Kind of a sad goodbye

I’m waiting for the horses. With a cappuccino and a croissant, I’m waiting to say goodbye to the horses.

This morning is the final parade of the King’s Troop through St John’s Wood, where the kids’ school is located, and where this horse troop been barracked for, some accounts say, over 200 years. As you know, we Hesketts have only been quartered in the general vicinity for 5 months, but I’ve grown very fond of this troop in that time. Often they take the entire troop of horses, as well as the wheeled artillery, through the streets for exercises on weekday mornings. You hear them before you see them, of course, and what a sight and sound! Anyone who likes horses AT ALL should love this. They are gorgeous animals, ridden sometimes 2×2 in a long line with the cannons at back, and sometimes 3 abreast with only one rider in the middle leading the other two close to them by the reins (or whatever… you know I don’t know horse terms!). It is such an impressive sight, we always just stop what we’re doing and watch them, glad for tradition and a chance to take in such a thing. Sometimes they even come by Belsize Park, and I can hear them clomping from inside the flat– yes, I drop what I’m doing and run outside to watch, though they’re usually about past by the time I get out there.

The King’s Troop was (re)named after the last King George (yes, Colin Firth, to most of us Americans!), who was fond of them and rather brought them back to prominence after WWII, giving them an increasing role in official British pomp and pageantry. They were part of his funeral, as well as part of the Queen Mother’s more recently. Queen Elizabeth 2 decided to continue the “King’s Troop” name when she became the sovereign, in honor of her father’s affection for the unit. I just think the whole little story– an itty bitty little shard of a story in a great tapestry– is charming and wonderful and all disappearing too fast.

That’s another reason I think it’s so sad that the Troop is moving out of central London, besides the fact that I simply won’t get to see the horses anymore. I’ve heard that the reason they’re leaving is that the government received an astronomical offer for the barracks land here in St John’s Wood– a high rent district even by London standards. So this great old tradition will likely be replaced by some developer’s vision of upscale housing to make a premium on his investment. Hugely depressing. In current economic times, when austerity is the word, I guess you have to credit the gov’t for thinking of budgetary gains. But then you start to wonder which parts of the Royal Parks will be sold off next.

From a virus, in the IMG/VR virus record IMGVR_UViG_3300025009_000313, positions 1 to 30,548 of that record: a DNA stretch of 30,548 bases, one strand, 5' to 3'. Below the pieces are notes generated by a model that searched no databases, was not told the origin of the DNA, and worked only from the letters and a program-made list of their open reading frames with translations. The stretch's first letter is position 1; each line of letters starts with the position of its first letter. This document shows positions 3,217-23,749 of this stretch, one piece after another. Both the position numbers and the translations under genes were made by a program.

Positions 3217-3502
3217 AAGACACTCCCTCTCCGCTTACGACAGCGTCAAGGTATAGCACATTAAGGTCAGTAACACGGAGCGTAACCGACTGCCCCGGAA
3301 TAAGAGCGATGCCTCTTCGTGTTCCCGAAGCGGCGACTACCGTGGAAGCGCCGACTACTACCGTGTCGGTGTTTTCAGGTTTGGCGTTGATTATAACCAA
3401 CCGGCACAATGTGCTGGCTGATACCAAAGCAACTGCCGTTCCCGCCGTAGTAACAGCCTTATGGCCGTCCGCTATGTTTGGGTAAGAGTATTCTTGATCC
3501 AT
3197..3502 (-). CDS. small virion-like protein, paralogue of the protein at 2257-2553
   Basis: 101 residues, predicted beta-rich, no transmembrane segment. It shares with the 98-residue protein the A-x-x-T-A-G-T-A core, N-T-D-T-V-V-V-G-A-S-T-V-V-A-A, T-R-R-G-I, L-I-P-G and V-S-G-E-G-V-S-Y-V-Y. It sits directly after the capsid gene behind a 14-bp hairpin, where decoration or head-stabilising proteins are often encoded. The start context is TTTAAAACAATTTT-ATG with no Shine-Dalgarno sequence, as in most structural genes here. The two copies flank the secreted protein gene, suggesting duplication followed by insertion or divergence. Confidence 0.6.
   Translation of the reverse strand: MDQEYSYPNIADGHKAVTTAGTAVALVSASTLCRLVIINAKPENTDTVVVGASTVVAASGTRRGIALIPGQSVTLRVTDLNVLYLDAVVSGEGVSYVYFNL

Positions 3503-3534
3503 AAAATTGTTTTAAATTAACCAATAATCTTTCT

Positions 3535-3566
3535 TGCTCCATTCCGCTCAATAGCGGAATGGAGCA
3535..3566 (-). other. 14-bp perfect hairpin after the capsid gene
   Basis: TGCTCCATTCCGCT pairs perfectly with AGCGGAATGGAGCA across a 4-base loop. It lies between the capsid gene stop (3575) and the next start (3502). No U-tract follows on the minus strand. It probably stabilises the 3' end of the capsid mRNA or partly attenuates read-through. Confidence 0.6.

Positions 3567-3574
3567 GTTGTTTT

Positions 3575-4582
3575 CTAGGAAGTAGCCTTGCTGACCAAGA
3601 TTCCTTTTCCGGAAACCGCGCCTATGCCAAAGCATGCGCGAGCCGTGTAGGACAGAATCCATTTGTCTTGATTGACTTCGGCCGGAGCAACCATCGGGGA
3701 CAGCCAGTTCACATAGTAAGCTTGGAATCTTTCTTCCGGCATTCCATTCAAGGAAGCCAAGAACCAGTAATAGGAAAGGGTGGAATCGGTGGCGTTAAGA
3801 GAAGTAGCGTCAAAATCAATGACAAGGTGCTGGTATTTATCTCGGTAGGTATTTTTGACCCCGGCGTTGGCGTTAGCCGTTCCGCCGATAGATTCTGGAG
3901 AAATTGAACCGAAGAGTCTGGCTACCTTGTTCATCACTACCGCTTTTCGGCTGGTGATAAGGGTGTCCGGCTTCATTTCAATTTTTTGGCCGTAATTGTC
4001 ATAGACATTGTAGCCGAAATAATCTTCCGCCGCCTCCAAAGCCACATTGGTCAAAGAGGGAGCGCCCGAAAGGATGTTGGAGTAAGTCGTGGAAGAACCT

In a recent momversation on the playground, a friend commented that the only time her child had ever been late for school was the day his dad took him and they stopped to watch the horses. The group all shook their heads– ‘isn’t that just like a Dad?’ But my thought was– ‘of course you stop to watch the horses!’ In my book, five or ten minutes lost at the beginning of the day is well worth the tradeoff of seeing a small bit of history parade by– especially when that history is disappearing before our eyes.

I’m happy to say the lower school classes will all be out to send off the King’s Troop today. They march by on the St John’s Wood High Street in about an hour, and I’m in a cafe waiting to watch. Claire and Quinn have been talking about it for weeks. The school has been rehearsing a song to serenade them with:

(to the tune of “It’s a Long Way to Tipperary”)

It’s a long way to Woolwich Arsenal,
it’s a long way to go.
It’s a long way to Woolwich Arsenal,
for the sweetest Troop I know.
Goodbye Picadilly,
Farewell Leicester Square,
it’s a long way to Woolwich Arsenal,
but our hearts are there!

I’ll be singing along.

(P.S.– A little cheat here… I had to wait until I got home to post this anyway, so I uploaded my iPhone pictures to add. Hope you like them!)

3 thoughts on “Kind of a sad goodbye

  1. Love the pictures…beautiful, beautiful creatures.  And it is sad to see a piece of history die, even if it is with great pomp.Thanks for sharing with us.  Wish I could have been there to see it.  And, I suspect “reins” is the correct term, though I’ve never actually seen three horses abreast with someone riding in the middle.  That would be fascinating.

  2. Dear Daughter,You notice so much, feel so deeply, and express beautifully.  Your dad and I did not get to see such a procession while we were with you in London, but your pic’s and account of the official move brought tears to my eyes.  It does feel like we are losing something.

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